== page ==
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Lactic acid is readily biodegradable (see 5.2.1) and is a ubiquitous and essential molecule of life. It will not adsorb to soil (see 5.4.1). As such there is no relevance in the hazard assessment for terrestrial organisms.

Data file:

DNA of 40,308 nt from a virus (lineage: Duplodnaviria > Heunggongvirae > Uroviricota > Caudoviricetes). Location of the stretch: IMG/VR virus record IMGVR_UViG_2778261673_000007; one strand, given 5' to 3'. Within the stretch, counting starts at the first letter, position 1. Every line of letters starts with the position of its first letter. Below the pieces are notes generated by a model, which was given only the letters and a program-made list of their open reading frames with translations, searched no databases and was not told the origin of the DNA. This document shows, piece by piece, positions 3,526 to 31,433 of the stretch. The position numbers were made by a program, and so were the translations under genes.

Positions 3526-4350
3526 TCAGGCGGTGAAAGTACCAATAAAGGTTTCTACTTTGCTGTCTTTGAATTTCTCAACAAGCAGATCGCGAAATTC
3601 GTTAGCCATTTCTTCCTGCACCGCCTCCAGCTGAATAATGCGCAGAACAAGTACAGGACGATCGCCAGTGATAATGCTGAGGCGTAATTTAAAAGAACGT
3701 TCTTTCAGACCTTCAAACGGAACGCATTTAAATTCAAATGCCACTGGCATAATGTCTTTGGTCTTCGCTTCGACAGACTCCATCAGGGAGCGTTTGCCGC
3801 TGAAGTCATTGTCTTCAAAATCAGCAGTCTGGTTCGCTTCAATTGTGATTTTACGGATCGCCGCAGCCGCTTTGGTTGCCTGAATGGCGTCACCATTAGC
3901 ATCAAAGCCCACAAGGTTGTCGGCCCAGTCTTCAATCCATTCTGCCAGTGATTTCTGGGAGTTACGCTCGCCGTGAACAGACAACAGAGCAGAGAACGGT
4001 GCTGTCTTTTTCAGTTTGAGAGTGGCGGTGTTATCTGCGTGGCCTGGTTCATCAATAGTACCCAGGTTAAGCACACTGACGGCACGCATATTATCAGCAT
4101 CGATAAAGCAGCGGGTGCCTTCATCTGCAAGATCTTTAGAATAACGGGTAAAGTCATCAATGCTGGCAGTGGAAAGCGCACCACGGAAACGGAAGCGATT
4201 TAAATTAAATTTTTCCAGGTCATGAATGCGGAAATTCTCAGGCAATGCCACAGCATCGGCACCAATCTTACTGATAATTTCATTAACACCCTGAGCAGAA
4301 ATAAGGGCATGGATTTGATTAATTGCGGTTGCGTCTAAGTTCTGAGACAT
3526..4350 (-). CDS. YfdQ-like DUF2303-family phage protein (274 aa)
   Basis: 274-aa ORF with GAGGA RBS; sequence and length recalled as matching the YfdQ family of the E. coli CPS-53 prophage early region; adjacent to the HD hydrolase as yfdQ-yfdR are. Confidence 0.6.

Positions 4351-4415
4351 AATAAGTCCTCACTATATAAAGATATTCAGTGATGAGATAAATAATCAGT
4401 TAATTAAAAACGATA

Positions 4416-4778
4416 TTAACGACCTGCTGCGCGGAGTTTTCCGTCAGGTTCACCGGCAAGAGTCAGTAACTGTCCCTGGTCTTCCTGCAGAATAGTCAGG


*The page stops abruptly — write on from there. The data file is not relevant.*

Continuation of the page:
The ecotoxicity of L-lactic acid is primarily related to its effects on pH. This is clearly evidenced by the large discrepancy between the toxicity to aquatic organisms of lactic acid and salts like sodium lactate. D- and L-lactic acid have identical pKa values. Furthermore, both L- and D-lactic acid are ubiquitous and essential molecules in all biological systems, and organisms are continuously exposed to significant internal and external background concentrations of L- as well as D-lactic acid. As such information on the ecotoxicity of L-lactic acid is fully valid for D-lactic acid.